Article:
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Lorenzo’s Time (ABS-CBN) September 26, 2012

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Lorenzo’s Time (ABS-CBN) September 26, 2012
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by : FlipBooth on Sep 26, 2012
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Lorenzo’s Time (ABS-CBN) September 26, 2012
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Lorenzo’s Time (ABS-CBN) September 26, 2012

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Movie review: ‘The Grand Budapest Hotel’: A beautifully shot love letter to storytelling

Those familiar with Wes Anderson are familiar with his distinct visual aesthetic—the striking color palettes, the formalistically disciplined framing, and this clear sense of it being a crafted piece of art. Anderson’s works don’t ever attempt at realism, but rather they tell these fantastic stories (whether with or without elements of fantasy and the absurd) that despite these obviously unreal elements communicate so much about the characters' humanity and struggles.

That being said, certain viewers might find this Anderson aesthetic to be overwrought, pretentious, and maybe even intolerable. If you don’t like the way that Anderson makes movies, then "The Grand Budapest Hotel" will probably make you hate him even more. But if you enjoy Anderson’s films, then you will absolutely love this film. If you’re unfamiliar with the filmmaker’s previous work, then I wholeheartedly implore anyone who is a fan of movies that have just the right mix of quirkiness and heart to watch this movie. It’s got a limited local release (only screening in Ayala cinemas), and that’s all the more reason to head out and watch this in the theater.
 Stories within stories: Ralph Fiennes (center) and newcomer Tony Revolori (right) star in Wes Anderson's 'The Grand Budapest Hotel.' Photos from the movie's official Facebook page.
If you are going to watch "The Grand Budapest Hotel", and I do believe you should, then you should see it on the big screen. This film is absolutely beautiful. Every technical element in the film is so accomplished, whether it be the assured camera work, the gorgeous cinematography, or the endlessly admirable art direction and production design. All of these things come together to create what is essentially a work of high-concept fantasy. At its heart though, this film is a love letter to how creating a story can change the world that we live in, bring color to it. We see this in quite literal, as well as in many metaphorical terms, throughout this film.

I’ve been dancing around the “what’s it about” because that would be difficult to pin down. We get a story within a story within a story, and sometimes little side trips as we explore these things. And where in other films voice-overs might be used as lazy expository tools, here we get the interplay between the stories being told onscreen, the retellings via voiceover, and what we can feel has been left out. It’s this wonderful play of all these different elements that can be used to tell a story in the film medium.

We mainly get the story of Zero, a junior bellhop at the Grand Budapest Hotel, but more importantly we get the world around him, one fraught with danger and tragedy, war and love, and all the things that make stories grand and great. There’s a murder mystery, there are shoot-outs, chases, prison breaks, and basically the film takes the kitchen sink approach with all these plot devices, conflicts, and developments. And yet, because of the film’s style and tone, we accept all these things as part of the story. More importantly, we get a sense that the film is moving towards a sense of grandiose storytelling, telling the kinds of stories that aren’t told much anymore.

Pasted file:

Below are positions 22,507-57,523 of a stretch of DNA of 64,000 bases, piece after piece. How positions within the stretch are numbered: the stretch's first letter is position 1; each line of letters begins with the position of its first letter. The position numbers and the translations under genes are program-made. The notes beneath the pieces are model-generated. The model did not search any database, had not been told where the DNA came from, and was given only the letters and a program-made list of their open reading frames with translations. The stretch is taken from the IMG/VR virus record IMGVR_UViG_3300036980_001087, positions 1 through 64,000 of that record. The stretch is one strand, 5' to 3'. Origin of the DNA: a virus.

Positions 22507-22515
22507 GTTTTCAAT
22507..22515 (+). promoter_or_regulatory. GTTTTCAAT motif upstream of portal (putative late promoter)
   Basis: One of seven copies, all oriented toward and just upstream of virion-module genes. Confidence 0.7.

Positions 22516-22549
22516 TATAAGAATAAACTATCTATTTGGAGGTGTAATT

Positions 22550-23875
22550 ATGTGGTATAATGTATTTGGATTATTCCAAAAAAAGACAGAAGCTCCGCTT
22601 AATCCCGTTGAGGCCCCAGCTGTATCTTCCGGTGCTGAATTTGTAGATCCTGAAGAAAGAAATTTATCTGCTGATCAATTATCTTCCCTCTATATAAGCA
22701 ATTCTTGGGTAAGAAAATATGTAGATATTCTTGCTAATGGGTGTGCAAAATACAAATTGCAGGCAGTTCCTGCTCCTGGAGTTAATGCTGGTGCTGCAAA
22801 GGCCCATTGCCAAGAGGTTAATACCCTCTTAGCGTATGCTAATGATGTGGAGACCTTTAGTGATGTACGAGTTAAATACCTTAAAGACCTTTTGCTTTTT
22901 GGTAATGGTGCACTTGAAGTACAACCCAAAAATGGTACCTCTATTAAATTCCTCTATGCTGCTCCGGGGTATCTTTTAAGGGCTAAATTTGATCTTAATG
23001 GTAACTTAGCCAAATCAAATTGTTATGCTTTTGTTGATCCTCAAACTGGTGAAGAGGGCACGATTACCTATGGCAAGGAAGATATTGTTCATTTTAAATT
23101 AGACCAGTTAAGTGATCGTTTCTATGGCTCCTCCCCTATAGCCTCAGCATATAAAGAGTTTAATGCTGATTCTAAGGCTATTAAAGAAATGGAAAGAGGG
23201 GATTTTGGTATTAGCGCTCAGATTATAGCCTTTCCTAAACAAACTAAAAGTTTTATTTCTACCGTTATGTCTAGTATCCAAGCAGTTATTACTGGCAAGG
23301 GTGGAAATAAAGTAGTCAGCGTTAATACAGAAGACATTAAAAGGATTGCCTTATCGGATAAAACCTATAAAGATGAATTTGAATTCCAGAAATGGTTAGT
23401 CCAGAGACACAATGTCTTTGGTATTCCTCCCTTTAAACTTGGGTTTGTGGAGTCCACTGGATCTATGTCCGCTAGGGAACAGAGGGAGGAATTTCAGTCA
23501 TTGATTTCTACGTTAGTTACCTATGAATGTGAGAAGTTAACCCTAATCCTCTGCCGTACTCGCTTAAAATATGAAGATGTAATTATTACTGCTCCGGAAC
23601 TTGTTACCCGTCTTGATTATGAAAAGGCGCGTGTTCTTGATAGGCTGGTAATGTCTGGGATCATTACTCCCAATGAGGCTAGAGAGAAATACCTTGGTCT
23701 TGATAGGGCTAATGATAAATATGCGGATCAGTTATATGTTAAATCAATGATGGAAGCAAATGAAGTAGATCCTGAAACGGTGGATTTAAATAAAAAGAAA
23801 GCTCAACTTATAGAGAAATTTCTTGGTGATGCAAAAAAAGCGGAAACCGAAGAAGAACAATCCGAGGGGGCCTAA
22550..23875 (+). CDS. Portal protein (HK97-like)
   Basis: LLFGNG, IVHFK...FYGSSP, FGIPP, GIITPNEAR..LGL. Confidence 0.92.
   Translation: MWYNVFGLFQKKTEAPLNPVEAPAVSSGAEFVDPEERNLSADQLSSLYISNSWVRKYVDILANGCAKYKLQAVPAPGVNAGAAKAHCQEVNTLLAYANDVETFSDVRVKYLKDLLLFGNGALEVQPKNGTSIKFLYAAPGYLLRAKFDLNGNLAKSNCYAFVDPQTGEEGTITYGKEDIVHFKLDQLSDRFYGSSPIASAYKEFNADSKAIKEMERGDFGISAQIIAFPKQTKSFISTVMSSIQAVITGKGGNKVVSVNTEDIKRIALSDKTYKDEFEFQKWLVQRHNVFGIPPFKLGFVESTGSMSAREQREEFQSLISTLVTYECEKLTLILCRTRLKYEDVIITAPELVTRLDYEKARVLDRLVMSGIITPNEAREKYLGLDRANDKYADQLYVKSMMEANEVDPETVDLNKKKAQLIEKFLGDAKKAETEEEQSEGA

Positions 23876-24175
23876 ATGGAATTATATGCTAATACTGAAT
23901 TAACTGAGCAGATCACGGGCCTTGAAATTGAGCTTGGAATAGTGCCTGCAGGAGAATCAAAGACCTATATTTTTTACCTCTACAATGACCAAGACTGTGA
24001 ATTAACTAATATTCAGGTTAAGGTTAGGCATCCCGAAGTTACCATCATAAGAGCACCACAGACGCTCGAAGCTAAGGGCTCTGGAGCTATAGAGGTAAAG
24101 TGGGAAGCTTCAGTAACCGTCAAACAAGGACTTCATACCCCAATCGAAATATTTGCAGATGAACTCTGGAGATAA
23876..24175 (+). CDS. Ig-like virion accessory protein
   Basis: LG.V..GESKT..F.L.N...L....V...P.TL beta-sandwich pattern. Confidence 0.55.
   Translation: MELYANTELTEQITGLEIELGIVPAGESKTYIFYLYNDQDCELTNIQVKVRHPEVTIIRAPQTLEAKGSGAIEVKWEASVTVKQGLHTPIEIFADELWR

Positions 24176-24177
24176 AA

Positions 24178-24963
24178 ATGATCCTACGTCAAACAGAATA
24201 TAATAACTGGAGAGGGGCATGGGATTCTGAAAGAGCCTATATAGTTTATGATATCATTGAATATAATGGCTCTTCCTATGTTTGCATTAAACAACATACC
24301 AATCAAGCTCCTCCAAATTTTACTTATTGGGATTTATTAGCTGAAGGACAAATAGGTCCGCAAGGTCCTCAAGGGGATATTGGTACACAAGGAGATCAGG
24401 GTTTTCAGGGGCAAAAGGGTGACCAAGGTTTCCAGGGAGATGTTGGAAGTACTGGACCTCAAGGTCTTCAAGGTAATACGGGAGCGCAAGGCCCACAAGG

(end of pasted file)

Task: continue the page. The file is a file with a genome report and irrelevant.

Every technical element in the film is so accomplished, from the camera work to the cinematography to the art direction and production design.
There are hints of nostalgia throughout, the sense that things have been lost, and can never be retrieved. And yet in telling these stories it seems that the film itself is an attempt to recapture a certain magic that the filmmaker feels is gone. The film can be perceived as an ars poetica, a statement of creative intent not only for this specific work, but for the whole of Anderson’s film catalog.

Anderson pulls in many of his regular players, such as Jason Schwartzman, Billy Murray, and Adrien Brody. We get a list of stars and amazing supporting players that itself would draw any movie buff in. As we go through many settings and situations, we are treated to great small performances and memorable cameos. But the movie is anchored on the relationship between Zero and the charismatic Gustave H, the hotel’s charismatic concierge. Tony Revolori plays Zero and his portrayal is affecting in its subtlety. He seems to be there to only react to Gustave, played brilliantly by Ralph Fiennes. But the interplay between the two grounds the movie’s wackiness and absurdity in what feels to be a genuine and true friendship. As a result, no matter how crazy things get, we are provided this emotional anchor on which to filter all things.

"The Grand Budapest Hotel" is a love letter to storytelling, to living lives worthy of story, and of spinning story out of life and tragedy. It is one of the most beautiful films to come out this year, and for the visuals alone this is a movie that you should go out and see. There are some great sequences here, those that play on genre, on tropes, and revitalize them and make them fun and fresh and exciting. I’ve said a lot already, but I’ve had to stop myself from talking about all the great things in this movie so as not to spoil it. — BM, GMA News

"The Grand Budapest Hotel" is currently screening in Ayala cinemas.

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